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papabear

pole buildings

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just bought some land and the wife endorses building on it for storage and such. We're looking at a pole barn so Im asking for ideas on builders, size, and designs. I want a loft in it for sleeping in during hunting but am thinking the timbers used to support it may take up space for storing boats and such. BTW I have 3 boats, canoe, camper, john boat, 3 fourwheelers (hopefuly) to store and have room to hang deer.

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How much do you want to spend?

Sounds like a big garage with attic trusses would maybe be a better option for you. I would put a couple of nice dormers upstairs so you can have windows to look out.Do you plan on cementing the floor?

Or, you could build a bigger shed and then turn one end of it into sleeping quarters, shop, etc.

I would think that you want a minimum of 30*60, but I think if you asked most guys they will say that they wished they had gone bigger. So, maybe a 40*80 is more what you are looking for if you just want a regular pole shed.

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pike is right i build them for a living and i find my self adding on to these sheds all the ime.i'm thinking a 36 by 64 by 12 and do a A frame with a 10/12 pitch this will give you plenty of room up stairs i could send you some more pics with different options

rs500.jpg

or rs460.jpg

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Papabear, If you're getting bids on a pole barn, it wouldn't hurt to get bids on a stud frame building too. There are pros and cons to both, as you will hear if you talk to a builder that prefers one or the other. I have one of each, and have wired, plumbed, and insulated both, and IMHO the stud frame was overall easier to work in and especially to finish off. If you plan on finishing it at some point, if you do a pole barn you'll need to frame it in later, whereas with stud framing that is done right away. Have a blast planning a new building on your new land!!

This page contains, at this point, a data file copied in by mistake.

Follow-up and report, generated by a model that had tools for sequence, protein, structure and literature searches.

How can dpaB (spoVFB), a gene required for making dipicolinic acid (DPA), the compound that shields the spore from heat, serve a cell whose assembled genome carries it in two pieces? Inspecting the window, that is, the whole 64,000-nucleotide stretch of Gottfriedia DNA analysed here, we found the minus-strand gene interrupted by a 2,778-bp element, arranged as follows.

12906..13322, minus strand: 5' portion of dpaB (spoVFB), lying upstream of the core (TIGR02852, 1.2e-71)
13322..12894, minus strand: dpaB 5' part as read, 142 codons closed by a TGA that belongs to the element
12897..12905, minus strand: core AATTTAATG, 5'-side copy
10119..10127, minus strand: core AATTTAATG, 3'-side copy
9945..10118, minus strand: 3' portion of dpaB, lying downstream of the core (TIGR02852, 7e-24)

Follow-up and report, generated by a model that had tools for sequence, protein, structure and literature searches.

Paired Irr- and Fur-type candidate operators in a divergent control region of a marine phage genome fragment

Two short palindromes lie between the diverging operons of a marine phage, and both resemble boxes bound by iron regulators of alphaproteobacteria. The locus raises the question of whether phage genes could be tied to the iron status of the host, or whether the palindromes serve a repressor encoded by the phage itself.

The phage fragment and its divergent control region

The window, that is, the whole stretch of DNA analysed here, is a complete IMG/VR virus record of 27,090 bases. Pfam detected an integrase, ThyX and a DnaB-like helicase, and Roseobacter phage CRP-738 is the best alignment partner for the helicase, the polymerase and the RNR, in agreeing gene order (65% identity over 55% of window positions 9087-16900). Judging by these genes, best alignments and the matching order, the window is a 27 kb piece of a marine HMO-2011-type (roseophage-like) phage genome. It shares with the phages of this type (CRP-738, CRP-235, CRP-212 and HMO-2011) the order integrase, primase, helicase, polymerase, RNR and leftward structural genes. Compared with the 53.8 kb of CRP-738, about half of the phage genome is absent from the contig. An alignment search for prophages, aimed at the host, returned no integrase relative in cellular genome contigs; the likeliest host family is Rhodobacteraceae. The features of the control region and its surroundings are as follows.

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stick frame will cost more for sure!!!and is not more energy efficent also you will use 1/4 of the studs you use for stick frame,you can clearspan with post frame and no support wall there much more and papabear i will send ya some pic this weenend i'm out of town

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FWIW - my buddy build a 50x80 pole barn (he was going to do 30x60, and I can say I helped talk him ito bigger, and he is glad now), and he is going to finish a 30x30 section of it for living quarters. That still leaves a big section for storage, and he is putting in floor heat (at least the tubes for now) in the living section slab. I can't recall how much it cost him, but was reasonable and done by some local guys who do a lot of them.

On advice of his buddy an electrician, he is going with the in floor heat, but also a forced air furnace with a/c because it gives the most bang for the buck for heat and a/c while keeping cost down. Also has versitility as well, duel fuel electric costs, etc.

It ended up very nice on the outside, and the plans look really good for inside - one BR, one bath, and nice kitchen/living room and a utility room, main area with fireplace. I think his estimate just to frame it up (by same group who did slab) is about $3500 (lumber and labor), just to give you some figures. That is not electric or sheetrock or plumbing. edit - this cost is just for the framing of the living quarters, not the whole building smile

I would think about going larger footprint and keeping living quarters on ground level. Price might be close, and give you more room, with no steps. No steps is nothign to young folks, but as you get older, steps are less attractive wink Trust me, ha!

Good luck, congrats on the land purchase, and have fun building! You will have tons of fun when finished, a good investment.

Edit - btw, Ranger, those pics look like really, really nice buildings! Very cool!

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i am a carpenter myself. if you want some sound advice, do any ideas ya get! remodeling is expensive. if you re financing the project, then do it how you want it. you'll be happier with in the long run

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